Issue No. 02 - February (1974 vol. 23)
P.J. Denning , Dept. of Computer Sciences Purdue University
This book will become a lethal weapon against skepticism toward the possibility of presenting programming as a precise discipline based on clear and simple principles. It treats what many regard as advanced topics in programming in so straightforward a manner, that there is little doubt that the "advanced topics" are in fact elementary notions. The material is presented simultaneously at many levels: the college sophomore will enjoy a hearty repast of solid conceptual and practical aspects of algorithm design, and the college professor or industrial professional will enjoy many morsels from the philosophy of programming to practical advice on the best uses of each language construction. The material is presented in a fast-moving, unadorned style, reminiscent in places of sketchy lecture notes; indeed, fully fourteen chapters appear in the first 124 pages. Every concept is backed by an example; I counted approximately 45 sample algorithms or programs in the text and about 25 more in the Exercises. The sample programs are masterpieces of clarity, exemplifying how invariant assertions can be embedded in comments to make understanding and verifying the programs as simple as possible. Wirth leaves little doubt as to the power of this technique, not merely by disoussing it but by doing it.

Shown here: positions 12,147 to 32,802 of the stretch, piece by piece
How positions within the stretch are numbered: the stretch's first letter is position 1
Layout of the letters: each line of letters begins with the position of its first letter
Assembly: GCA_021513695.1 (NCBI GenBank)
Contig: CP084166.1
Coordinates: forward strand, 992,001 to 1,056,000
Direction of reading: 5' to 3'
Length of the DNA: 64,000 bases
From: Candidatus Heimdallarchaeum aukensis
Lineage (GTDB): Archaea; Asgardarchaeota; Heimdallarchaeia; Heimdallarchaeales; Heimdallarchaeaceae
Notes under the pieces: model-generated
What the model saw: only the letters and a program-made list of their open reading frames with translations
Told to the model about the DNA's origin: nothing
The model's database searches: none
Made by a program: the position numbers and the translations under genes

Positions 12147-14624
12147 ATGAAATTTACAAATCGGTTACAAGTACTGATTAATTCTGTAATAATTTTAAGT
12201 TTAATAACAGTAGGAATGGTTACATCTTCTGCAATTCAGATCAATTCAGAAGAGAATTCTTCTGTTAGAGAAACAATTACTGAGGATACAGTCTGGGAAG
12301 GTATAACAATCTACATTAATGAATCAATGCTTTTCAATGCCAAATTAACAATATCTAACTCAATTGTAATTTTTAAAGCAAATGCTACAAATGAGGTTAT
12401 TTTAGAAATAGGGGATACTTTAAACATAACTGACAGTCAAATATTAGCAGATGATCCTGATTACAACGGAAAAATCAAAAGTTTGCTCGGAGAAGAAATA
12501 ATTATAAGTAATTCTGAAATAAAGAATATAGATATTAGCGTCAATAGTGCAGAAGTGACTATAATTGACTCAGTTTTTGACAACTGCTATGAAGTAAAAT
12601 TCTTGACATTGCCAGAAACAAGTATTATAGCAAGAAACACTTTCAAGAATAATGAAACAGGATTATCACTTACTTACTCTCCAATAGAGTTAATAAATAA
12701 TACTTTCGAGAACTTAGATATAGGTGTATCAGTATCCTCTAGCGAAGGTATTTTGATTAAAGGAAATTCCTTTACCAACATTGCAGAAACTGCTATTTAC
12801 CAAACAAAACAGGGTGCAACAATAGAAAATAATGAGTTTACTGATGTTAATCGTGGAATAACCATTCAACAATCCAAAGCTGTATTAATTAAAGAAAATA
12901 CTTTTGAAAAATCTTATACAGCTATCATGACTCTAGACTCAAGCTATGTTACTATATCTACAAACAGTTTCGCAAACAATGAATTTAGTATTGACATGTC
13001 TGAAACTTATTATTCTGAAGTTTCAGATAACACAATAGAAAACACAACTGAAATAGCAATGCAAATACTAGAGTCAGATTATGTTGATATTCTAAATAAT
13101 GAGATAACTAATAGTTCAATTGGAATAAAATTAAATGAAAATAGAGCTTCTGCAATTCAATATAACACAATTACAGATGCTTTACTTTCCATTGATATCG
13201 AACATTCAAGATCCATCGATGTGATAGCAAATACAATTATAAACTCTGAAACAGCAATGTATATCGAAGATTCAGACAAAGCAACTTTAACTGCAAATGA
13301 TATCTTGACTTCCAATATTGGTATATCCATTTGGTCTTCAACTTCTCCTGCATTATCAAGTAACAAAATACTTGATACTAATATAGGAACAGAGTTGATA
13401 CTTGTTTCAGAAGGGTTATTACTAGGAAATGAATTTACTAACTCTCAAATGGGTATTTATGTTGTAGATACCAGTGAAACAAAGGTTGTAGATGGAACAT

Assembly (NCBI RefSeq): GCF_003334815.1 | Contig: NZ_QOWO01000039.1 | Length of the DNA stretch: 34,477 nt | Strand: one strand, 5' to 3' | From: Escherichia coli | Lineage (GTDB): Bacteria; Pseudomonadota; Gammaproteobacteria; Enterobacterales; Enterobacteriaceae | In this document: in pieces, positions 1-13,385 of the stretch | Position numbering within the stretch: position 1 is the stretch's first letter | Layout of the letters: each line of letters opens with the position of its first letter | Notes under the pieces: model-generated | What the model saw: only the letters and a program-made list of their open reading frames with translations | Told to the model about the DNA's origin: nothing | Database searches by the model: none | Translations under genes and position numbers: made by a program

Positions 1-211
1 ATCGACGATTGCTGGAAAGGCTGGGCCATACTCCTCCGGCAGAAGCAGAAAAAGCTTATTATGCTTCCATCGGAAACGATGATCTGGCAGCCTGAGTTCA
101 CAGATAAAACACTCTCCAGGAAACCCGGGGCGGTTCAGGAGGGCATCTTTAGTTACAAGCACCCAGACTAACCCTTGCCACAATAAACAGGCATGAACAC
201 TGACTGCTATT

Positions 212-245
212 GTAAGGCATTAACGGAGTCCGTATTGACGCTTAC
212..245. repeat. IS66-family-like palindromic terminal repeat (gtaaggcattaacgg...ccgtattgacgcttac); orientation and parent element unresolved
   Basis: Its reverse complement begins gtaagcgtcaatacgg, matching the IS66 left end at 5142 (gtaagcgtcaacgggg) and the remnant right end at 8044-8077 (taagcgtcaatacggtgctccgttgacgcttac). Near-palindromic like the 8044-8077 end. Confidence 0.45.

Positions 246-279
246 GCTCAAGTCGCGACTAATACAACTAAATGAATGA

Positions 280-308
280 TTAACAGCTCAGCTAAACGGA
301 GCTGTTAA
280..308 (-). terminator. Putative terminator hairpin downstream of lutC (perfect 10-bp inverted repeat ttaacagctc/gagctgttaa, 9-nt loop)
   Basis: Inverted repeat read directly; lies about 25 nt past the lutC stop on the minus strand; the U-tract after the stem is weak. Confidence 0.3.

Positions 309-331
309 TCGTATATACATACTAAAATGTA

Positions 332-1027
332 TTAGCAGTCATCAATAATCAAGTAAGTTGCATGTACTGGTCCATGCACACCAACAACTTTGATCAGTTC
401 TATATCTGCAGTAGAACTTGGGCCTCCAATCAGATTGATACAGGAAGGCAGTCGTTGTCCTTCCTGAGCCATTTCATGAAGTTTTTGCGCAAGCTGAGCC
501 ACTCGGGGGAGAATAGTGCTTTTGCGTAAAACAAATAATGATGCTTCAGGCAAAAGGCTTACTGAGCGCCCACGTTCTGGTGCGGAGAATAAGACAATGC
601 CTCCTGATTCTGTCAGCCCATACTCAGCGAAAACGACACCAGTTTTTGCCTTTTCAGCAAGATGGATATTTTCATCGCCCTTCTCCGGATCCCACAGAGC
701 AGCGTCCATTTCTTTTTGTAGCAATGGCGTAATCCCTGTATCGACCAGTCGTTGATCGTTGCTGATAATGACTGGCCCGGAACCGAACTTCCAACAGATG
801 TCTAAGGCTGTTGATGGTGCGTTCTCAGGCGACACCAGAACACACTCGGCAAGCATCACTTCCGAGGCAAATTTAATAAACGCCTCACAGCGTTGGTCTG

P. Denning, "B74-20 Systematic Programming: An Introduction," in IEEE Transactions on Computers, vol. 23, no. , pp. 222-223, 1974.